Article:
The past year or so I’ve been working with folks at the University of Edinburgh to develop a course to deliver as a Massive Open Online Course (MOOC). I was sure the course would fill an important ‘learning opportunity’ gap for health policy practitioners, and I was very excited about the work. I was much (much) less excited about making videos of myself. I am probably a ‘fair to middling’ public speaker and I rely heavily on connecting with the listeners in the room….which, of course you don’t have when you are lecturing to a video camera. I was looking for an opportunity to improve my public speaking that could fit in to my way-too-busy life. Though I’m familiar with the MOOC format, I was looking for a ‘real world’ course. I didn’t think the MOOC format would work well for public speaking. As the video-making dates loomed ever closer, and I hadn’t found any face-to-face options, I decided to check out MOOC options at Class-Central (a database of MOOCs from most providers). I found the University of Washington would shortly launch an Introduction to Public Speaking course on the edX platform. Like most MOOCs, there was a free enrollment option, so I took the plunge.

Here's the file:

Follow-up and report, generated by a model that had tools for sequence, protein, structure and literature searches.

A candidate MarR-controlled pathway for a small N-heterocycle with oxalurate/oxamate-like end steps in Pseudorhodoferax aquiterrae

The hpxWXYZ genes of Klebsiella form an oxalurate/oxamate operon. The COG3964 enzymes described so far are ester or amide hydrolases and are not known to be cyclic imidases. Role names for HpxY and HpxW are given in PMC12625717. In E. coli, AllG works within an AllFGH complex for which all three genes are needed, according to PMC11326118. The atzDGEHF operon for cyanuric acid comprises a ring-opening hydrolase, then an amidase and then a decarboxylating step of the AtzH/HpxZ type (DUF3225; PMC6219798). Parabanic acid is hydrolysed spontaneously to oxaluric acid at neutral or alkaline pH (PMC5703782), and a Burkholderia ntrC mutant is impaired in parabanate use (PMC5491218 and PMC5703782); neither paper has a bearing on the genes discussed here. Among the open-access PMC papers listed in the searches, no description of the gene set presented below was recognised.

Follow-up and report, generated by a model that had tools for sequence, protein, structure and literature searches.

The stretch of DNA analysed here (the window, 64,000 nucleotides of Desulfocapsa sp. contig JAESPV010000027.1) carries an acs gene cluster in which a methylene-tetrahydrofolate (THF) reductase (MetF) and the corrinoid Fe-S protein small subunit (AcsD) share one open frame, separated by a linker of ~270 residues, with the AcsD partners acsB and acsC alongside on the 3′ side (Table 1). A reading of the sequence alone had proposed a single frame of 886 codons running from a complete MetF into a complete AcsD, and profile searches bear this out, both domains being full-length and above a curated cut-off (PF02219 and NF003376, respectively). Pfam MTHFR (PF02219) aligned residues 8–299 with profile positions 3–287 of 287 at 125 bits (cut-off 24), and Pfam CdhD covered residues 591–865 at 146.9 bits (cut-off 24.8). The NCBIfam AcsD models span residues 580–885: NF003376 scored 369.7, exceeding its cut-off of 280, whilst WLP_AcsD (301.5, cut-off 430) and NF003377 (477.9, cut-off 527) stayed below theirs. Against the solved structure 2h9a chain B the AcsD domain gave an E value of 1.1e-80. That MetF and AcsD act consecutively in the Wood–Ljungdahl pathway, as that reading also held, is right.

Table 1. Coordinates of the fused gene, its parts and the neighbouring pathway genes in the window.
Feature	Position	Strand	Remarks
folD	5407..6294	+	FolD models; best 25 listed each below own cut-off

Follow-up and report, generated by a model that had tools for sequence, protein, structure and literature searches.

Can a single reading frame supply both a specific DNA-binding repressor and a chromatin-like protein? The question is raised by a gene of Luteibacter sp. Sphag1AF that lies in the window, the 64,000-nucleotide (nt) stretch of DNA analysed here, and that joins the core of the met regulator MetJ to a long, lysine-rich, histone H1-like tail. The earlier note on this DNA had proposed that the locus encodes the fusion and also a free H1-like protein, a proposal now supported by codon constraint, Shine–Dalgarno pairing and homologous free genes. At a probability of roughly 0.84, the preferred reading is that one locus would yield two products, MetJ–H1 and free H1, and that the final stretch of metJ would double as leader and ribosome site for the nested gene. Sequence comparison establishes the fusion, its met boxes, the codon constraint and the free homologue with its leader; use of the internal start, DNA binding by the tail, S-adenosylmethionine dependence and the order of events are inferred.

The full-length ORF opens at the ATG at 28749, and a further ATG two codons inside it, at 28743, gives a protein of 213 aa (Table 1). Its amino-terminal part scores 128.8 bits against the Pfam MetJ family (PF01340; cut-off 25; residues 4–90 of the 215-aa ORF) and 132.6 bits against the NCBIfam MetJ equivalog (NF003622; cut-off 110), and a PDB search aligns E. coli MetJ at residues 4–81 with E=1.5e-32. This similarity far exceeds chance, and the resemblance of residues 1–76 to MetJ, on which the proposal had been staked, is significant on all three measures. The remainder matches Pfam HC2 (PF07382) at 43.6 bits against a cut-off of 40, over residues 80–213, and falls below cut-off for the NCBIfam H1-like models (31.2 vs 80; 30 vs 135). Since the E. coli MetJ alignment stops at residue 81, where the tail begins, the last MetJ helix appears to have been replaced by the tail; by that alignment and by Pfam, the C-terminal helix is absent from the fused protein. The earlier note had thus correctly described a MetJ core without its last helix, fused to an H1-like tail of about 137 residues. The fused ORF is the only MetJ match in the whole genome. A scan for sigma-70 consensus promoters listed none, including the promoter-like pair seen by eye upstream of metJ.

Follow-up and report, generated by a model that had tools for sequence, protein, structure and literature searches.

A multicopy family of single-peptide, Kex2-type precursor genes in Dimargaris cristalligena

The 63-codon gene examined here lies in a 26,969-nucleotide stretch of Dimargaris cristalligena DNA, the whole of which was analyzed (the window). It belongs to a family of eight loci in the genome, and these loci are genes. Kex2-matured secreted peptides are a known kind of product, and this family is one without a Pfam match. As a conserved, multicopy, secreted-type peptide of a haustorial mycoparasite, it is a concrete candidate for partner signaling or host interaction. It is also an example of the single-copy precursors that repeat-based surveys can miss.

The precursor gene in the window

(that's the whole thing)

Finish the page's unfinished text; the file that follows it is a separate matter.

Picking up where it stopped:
The structure and delivery of the content was very good; the instructor, Matt McGarrity is a public speaking guru, and, not surprisingly, his video lectures were engaging and accessible. What surprised me was how well the ‘homework” worked. The homework was to prepare and deliver various types of speeches (e.g. informative, impromptu), which course participants record and upload to youtube [set to private viewing]. Prof McGarrity provides a grading rubric, which you use to review others’ speeches and provide feedback. I found these exercises amazingly effective. Knowing someone (anyone!) will view your speech elicits a fairly high degree of effort; and, reviewing others’ speeches with the rubric is illuminating also. For me, the fact that I had to VIDEO record my homework speeches was a huge plus. I think anyone interested in improving their public speaking skills would, however, find it very useful. I notice that Prof McGarrity is offering the course on the Coursera platform now. Check it out!